Rotenone is a natural, vegetable-based insecticide commonly used in home gardens, for lice and tick control on pets, and for fish population control. As a garden pesticide, it is sold commercially under some of the following names: Curex Flea Duster, Derrin, Cenol Garden Dust, Chem-Mite, Cibe Extract, and Green Cross Warble Powder.
Origins of Rotenone
Classified as a botanical extract, rotenone is derived from several types of plants in the pea (Leguminosae) family specifically Derris elliptica (derris) from the Malay States and Dutch East Indies, and Lonchocarpus species (cube, timbo, barbasco) from South America. The roots also contain additional ingredients considered toxic to insects. Use of the pesticide originates among indigenous people in South America and Africa who used the roots to paralyze fish and bring them up to the surface, according to the Pesticide Action Network.
How Is Rotenone Used?
Rotenone causes paralysis and inhibits cellular oxygen uptake to kill insects and fish. Commercially, it can be used alone or with other insecticides like pyrethrum, which comes from the flowers of plants in the Pyrethrum genus, which is part of the carnation family. As an all-purpose insecticide, it kills bean beetles, cage worms, coddling moths larvae, plum sawfly, ticks, mites and fleas.
Chemical Composition and Delivery
In powder form, rotenone is applied with standard dusting applicators on vegetable plants and sometimes on farm livestock as a mite and tick preventative. Although regulated by the Environmental Protection Agency (EPA), it is also used to kill off invasive fish species from non-native habitats. Though toxic to humans and other mammals, it breaks down rapidly in the environment (a week or less), especially when exposed to direct sunlight. As a liquid, it's often mixed with liquid soap or castor oil to improve adhesion to plant leaves and stems.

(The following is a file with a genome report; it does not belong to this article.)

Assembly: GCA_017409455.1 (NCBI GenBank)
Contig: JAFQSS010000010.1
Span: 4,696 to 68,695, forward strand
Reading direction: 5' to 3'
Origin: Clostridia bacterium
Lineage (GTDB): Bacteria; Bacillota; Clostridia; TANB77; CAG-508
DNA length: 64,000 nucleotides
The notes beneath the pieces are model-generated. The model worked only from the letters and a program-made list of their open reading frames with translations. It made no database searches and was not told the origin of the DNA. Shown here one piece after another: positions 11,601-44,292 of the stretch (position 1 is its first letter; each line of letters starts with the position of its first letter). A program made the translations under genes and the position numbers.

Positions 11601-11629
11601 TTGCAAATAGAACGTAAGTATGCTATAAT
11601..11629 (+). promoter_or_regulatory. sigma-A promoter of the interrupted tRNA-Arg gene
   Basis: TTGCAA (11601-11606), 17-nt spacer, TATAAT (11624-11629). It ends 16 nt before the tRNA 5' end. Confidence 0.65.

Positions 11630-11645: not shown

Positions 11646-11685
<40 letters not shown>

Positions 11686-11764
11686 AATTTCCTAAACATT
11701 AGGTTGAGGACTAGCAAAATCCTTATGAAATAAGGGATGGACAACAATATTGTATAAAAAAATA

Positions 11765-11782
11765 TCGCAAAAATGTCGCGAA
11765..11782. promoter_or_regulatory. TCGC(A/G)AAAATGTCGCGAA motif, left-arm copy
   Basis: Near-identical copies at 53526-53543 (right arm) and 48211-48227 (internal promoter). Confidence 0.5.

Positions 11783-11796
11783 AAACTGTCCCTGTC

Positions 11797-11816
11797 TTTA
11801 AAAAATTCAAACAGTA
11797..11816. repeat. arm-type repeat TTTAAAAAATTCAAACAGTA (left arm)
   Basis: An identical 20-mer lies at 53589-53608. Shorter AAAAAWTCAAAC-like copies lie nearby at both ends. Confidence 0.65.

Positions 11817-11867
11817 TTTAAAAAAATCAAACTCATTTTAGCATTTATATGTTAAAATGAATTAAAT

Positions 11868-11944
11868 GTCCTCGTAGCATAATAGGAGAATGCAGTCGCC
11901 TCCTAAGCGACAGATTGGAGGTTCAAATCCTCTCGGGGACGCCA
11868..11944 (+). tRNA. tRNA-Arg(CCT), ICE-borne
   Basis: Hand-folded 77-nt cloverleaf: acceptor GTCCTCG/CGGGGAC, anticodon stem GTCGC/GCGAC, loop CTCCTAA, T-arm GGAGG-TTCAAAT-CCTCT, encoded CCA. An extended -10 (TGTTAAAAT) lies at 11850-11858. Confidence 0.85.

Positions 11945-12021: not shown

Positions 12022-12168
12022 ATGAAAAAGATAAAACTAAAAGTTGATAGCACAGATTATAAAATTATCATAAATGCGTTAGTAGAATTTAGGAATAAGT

Rotenone has relatively low toxicity to mammals in most forms, according to the Cornell University Extension Toxicology Network. The exception is when rotenone is concentrated in an emulsion--it is then highly toxic. As a dusting powder, fine powders are more toxic than coarse particles, and inhalation is more toxic than ingestion. Symptoms of rotenone exposure in mammals can include: conjunctivitis, dermatitis, sore throat, and congestion. Ingesting rotenone can cause symptoms ranging from mild irritation to vomiting. Inhalation can cause increased respiration followed by depression and convulsions. Online resource Living With Bugs advises against dusting dogs or cats with rotenone to control fleas and ticks as safer methods of control are now available.
Because it is highly toxic to cold-blooded invertebrates, it's an invaluable tool for the U.S. Fish and Wildlife Service. When invasive and sometimes predatory fish species are inadvertently introduced into certain habitats, they can compete for limited resources and upset delicate ecosystems. Fish managers rely on a wide variety of tools to manage and assess fish populations. Rotenone is one of those tools and has been used since 1934. Because it is fast acting and has a short degradation time, it's an ideal choice for eliminating invasive fish populations.